–Segments your customers.
–Projects your market share.
–Positions your products and services.
–Discusses pricing and promotions.
–Identifies communication, sales, and distribution channels.
The Management Team section outlines:
–Organizational Structure: Highlights the hierarchy and outlines responsibilities and decision-making powers.
–Management Team: Highlights the track record of the company’s managers. You may also offer details about key employees including qualifications, experiences, or outstanding skills, which could add a competitive edge to the image of the business.
–Working Structure: Highlights how your management team will operate within your defined organizational structure.
–Expertise: Highlights the business expertise of your management and senior team. You may also include special knowledge of budget control, personnel management, public relations, and strategic planning.
–Skills Gap: Highlights plans to improve your company’s overall skills or expertise. In this section, you should discuss opportunities and plans to acquire new information and knowledge that will add value.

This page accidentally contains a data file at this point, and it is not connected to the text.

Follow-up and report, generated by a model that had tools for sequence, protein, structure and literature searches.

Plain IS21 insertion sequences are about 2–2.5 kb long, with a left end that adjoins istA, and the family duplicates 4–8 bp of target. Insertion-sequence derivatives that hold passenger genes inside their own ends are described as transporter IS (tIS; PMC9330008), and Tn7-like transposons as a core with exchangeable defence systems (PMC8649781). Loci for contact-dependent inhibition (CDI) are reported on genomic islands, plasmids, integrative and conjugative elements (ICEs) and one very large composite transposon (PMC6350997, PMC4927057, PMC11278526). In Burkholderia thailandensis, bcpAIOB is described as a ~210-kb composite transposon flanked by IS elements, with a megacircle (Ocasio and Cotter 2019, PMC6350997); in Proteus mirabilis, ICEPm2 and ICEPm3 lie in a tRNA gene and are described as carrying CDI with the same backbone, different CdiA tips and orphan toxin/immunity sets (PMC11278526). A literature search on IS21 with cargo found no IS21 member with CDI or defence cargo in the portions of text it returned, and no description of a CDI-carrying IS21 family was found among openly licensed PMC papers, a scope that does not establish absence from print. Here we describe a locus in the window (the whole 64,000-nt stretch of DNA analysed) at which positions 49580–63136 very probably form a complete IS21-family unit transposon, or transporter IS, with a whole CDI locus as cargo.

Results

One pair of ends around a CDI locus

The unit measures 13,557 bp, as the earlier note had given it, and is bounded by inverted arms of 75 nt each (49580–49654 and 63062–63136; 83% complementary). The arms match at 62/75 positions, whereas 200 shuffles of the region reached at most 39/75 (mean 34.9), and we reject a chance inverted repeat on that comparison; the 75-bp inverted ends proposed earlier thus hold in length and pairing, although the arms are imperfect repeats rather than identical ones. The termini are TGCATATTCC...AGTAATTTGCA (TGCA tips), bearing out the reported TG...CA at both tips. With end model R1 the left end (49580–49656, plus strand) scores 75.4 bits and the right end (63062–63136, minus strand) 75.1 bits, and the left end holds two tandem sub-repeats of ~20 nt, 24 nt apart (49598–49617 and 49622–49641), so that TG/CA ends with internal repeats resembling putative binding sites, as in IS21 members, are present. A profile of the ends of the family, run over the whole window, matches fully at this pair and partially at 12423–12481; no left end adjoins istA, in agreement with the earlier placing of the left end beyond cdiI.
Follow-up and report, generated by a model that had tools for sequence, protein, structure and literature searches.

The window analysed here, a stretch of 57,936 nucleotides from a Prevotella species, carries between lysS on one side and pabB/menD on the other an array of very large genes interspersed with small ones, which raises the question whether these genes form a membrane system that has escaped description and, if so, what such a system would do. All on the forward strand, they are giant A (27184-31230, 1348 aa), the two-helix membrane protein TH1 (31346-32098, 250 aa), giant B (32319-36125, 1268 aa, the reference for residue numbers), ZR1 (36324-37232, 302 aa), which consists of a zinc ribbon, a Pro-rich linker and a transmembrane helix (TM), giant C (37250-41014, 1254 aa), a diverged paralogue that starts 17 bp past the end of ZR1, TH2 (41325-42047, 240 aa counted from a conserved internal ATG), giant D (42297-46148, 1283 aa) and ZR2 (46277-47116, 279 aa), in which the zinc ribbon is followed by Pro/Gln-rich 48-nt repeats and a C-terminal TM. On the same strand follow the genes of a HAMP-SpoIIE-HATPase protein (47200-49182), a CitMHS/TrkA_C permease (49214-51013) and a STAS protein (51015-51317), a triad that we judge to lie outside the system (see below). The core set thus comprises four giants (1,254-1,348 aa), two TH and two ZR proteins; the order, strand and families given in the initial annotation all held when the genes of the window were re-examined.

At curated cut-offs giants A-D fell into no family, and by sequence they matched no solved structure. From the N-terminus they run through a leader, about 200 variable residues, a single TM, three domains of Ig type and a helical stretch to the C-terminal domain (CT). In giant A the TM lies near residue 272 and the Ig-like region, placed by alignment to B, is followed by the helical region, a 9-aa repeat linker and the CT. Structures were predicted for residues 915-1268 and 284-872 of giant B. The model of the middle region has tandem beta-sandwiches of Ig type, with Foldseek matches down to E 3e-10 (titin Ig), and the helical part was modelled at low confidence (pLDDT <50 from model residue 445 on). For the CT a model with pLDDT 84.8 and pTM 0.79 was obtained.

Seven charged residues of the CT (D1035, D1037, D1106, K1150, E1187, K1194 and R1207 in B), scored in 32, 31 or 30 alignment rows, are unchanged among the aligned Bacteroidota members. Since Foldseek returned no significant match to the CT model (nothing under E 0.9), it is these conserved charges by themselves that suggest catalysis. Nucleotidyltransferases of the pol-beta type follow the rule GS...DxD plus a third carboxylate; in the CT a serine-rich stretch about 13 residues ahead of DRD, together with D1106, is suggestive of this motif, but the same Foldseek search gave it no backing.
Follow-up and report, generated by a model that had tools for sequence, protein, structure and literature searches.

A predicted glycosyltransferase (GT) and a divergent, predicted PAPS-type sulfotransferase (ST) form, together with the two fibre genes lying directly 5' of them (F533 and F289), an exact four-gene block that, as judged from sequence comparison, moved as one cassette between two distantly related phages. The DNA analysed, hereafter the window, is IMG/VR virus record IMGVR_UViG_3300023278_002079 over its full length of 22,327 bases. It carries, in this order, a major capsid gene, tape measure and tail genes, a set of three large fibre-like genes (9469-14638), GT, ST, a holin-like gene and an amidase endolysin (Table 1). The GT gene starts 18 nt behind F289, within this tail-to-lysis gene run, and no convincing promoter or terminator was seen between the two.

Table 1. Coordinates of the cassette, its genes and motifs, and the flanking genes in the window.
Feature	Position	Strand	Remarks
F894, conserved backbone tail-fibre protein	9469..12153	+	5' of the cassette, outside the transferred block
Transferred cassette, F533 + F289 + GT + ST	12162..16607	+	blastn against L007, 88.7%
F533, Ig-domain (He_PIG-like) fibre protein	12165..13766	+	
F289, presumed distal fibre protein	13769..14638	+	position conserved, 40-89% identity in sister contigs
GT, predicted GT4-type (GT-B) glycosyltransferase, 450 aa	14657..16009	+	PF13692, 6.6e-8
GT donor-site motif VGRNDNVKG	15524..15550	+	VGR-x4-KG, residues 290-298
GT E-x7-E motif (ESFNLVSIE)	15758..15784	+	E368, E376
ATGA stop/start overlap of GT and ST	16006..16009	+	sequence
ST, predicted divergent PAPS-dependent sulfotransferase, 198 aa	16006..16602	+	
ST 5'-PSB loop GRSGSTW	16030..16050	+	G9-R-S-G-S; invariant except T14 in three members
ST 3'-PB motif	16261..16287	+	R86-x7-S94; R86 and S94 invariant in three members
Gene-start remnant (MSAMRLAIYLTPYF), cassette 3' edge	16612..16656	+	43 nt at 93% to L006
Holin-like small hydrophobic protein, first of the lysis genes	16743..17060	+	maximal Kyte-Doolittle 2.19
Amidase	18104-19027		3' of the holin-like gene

–Personnel Plan: Highlights current and future staffing requirements and related costs.
- The Marketing Plan section details what you propose to accomplish, and is critical in obtaining funding to pursue new initiatives. Describes the target market for your product and explains how you will reach that market.
- The Marketing Plan section:
–Explains (from an internal perspective) the impacts and results of past marketing decisions.
–Explains the external market in which the business is competing.
–Sets goals to direct future marketing efforts.
–Sets clear, realistic, and measurable targets.
–Includes deadlines for meeting those targets.
–Provides a budget for all marketing activities.
Specifies accountability and measures for all activities.
Details the costs associated with operating your business and explains how you will pay for those costs, including the amount of financing you may need.
- The Financial Plan translates your company’s goals into specific financial targets.
- The Financial Plan section:
–Clearly defines what a successful outcome entails. The plan isn’t merely a prediction; it implies a commitment to making the targeted results happen and establishes milestones for gauging progress.
–Provides you with a vital feedback-and-control tool. Variances from projections provide early warnings of problems. When variances occur, the plan can provide a framework for determining the financial impact and the effects of various corrective actions.